Almost the first thing most people here when they practice meditation is, “Follow the breath.” Mindfulness of breathing is the most common and one of the very best meditation techniques we have in the arsenal of contemplative practices. But most people are doing it wrong. Well, if not wrong exactly, then there are ways to get more out of your breath meditation. As usual, the secrets are found in the oldest Buddhist Teachings: Don’t FOLLOW your breath.
We hear the injunction to “follow the breath” so often, that you might get the idea that the Buddha said it. He did not. Here is what the Buddha actually taught about breath meditation. When you are ready:
When one breaths in long, he knows, “I am breathing in long”.
When one breaths out long, he knows, “I am breathing out long.”
When one breaths in short, he knows, “I am breathing in short”.
When one breaths out short, he knows, “I am breathing out short.”
He trains to breath in and out experiencing the whole body.
He trains to breath in and out relaxing the whole body.
This is a very famous teaching, with surprisingly various interpretations. Most of what you have heard is not ideal. The first four lines are fairly straightforward: notice the length of the breath as a way of turning your attention to the physical act of breathing. It’s the next line, “experiencing the whole body,” where things get interesting.
The Visudimagga, a famous commentary says that “the whole body” means the whole body of breath. It says that one should focus on the breath at the tip of the nose, and follow the breath as it goes in and out. The idea is to notice every millisecond of breath as it changes from inhalation to exhalation. I have spent many hours doing this kind of meditation, and it is far from ideal. First, perching your attention on the tip of the nose is extremely narrow. And trying to break down experience into milliseconds is anxiety producing and very busy. It does lead naturally to the next step, “relaxing the whole body.”
Another interpretation is that one is to follow the breath as it enters the nose, flows through the esophagus, and into the lungs. Then back out again. One can even follow the breath to other parts of the body such as the arms, legs, or even down to the feet. Again, I’ve spent untold hours doing this kind of meditation. If you get bored easily, this is kind of the amusement park ride of breath meditation. It can be very entertaining to watch the breath whoosh around from place to place. In some versions of this, you eventually settle the breath to a “comfortable spot” which could be the nose, or chest, or knee, or whatever. Again, if this works for you, fine, but I find it way too busy and not leading to peace.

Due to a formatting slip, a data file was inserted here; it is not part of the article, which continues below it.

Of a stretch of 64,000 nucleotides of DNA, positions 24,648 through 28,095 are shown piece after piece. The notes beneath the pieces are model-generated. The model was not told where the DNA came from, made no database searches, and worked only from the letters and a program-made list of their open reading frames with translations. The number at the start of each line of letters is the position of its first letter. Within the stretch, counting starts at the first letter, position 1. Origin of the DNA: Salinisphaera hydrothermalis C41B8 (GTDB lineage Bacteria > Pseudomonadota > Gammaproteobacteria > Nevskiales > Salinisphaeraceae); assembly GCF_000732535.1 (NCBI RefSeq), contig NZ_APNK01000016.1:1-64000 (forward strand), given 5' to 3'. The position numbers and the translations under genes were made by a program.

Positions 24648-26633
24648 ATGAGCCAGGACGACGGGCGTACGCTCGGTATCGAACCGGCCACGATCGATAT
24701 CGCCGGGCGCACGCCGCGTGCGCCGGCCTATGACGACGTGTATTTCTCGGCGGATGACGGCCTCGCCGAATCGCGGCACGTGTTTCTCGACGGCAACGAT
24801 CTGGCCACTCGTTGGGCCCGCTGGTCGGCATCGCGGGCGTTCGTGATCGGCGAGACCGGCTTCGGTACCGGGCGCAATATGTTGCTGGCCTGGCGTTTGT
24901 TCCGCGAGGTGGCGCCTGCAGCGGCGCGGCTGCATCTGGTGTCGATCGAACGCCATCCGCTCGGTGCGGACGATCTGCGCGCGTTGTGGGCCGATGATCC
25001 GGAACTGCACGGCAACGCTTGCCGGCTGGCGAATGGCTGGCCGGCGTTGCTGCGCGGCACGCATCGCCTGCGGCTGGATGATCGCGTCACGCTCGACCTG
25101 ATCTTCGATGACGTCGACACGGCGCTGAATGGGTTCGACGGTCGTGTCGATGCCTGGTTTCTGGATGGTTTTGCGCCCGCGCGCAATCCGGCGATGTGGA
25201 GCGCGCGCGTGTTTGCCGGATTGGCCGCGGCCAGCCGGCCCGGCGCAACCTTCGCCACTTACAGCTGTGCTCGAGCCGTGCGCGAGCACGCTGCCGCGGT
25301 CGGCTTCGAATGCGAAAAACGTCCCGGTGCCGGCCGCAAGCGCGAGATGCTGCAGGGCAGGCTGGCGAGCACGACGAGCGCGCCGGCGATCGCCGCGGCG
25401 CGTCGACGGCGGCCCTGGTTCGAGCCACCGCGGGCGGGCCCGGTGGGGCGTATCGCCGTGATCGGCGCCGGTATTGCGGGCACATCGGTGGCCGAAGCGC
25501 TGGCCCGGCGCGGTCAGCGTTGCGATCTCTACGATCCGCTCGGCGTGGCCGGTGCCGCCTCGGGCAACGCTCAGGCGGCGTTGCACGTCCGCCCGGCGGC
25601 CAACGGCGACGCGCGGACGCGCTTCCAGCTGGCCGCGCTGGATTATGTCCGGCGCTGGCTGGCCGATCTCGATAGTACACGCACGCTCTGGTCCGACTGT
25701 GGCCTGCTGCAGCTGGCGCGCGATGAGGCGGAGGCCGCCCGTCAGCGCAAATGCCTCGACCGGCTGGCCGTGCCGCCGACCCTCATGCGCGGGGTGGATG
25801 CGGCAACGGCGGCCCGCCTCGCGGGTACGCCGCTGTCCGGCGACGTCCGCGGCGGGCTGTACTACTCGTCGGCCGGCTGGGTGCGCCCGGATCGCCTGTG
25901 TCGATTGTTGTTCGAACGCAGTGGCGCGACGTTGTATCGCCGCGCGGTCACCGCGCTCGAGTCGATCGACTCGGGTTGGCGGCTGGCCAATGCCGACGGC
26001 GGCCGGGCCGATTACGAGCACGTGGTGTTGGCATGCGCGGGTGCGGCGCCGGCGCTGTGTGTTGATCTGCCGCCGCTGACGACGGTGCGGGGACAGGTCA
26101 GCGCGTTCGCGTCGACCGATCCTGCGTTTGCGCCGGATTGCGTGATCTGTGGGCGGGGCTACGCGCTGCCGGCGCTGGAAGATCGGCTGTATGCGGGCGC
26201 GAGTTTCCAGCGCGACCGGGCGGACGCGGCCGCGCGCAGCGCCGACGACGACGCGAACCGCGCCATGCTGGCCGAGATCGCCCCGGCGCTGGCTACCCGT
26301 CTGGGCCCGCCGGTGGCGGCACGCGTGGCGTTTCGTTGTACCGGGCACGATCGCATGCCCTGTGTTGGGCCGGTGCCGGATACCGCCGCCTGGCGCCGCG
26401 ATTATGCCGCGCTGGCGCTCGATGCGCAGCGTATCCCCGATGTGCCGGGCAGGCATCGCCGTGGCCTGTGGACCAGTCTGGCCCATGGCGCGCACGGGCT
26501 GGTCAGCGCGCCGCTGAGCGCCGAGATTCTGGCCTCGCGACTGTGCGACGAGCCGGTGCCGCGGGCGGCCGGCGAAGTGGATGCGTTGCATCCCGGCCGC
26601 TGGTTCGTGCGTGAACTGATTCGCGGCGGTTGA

I recommend taking the radical step of doing what the sutta actually says in plain English (well, relatively plain Pali). Namely, “breath in and out experiencing the whole body.” DON’T restrict your attention to one spot on the body. DON’T chase your breath around and around is it goes in and out. Instead, bring the experience of breathing to the mind. Slowly widen your focus of attention until it includes the entire body. As you train, you should eventually experience every breath throughout your entire body. No extra thinking is required. And believe me, there is nothing so incredibly conducive to complete relaxation. The next step, “relax the entire body” is an absolutely snap when you are breathing with your entire body.
Now, you may find it a little hard to do at first. Let me recommend the following; when you start this practice, breath experiencing as much of the body as your attention can fill. This is probably just your jaw, shoulders, and chest. Now take a few breaths and see what it feels like to breath from the perspective of your arm. As you relax and allow yourself to become sensitive to these sensations, you will feel this process quite clearly. Now widen out your focus again to include your arm and everything else. As you relax your body and become more and more sensitive, soon you will truly experience the entire body breathing. It will transform your meditation, believe me.
One final note: you may be scared of your own level of relaxtion. You may be worried that you are not being “mindful” enough either because your attention is spread across your entire body instead of tightly focused on your nose or belly. You might be worried that the pleasure and peace you feel is problematic. Well, I have good news. Here are the next couple of lines from the sutta quoted above.
He trains to breath in and out experiencing bliss.
He trains to breath in and out experiencing pleasure.
In other words: enjoy! Enjoy your meditation and you will do it more and get more from it.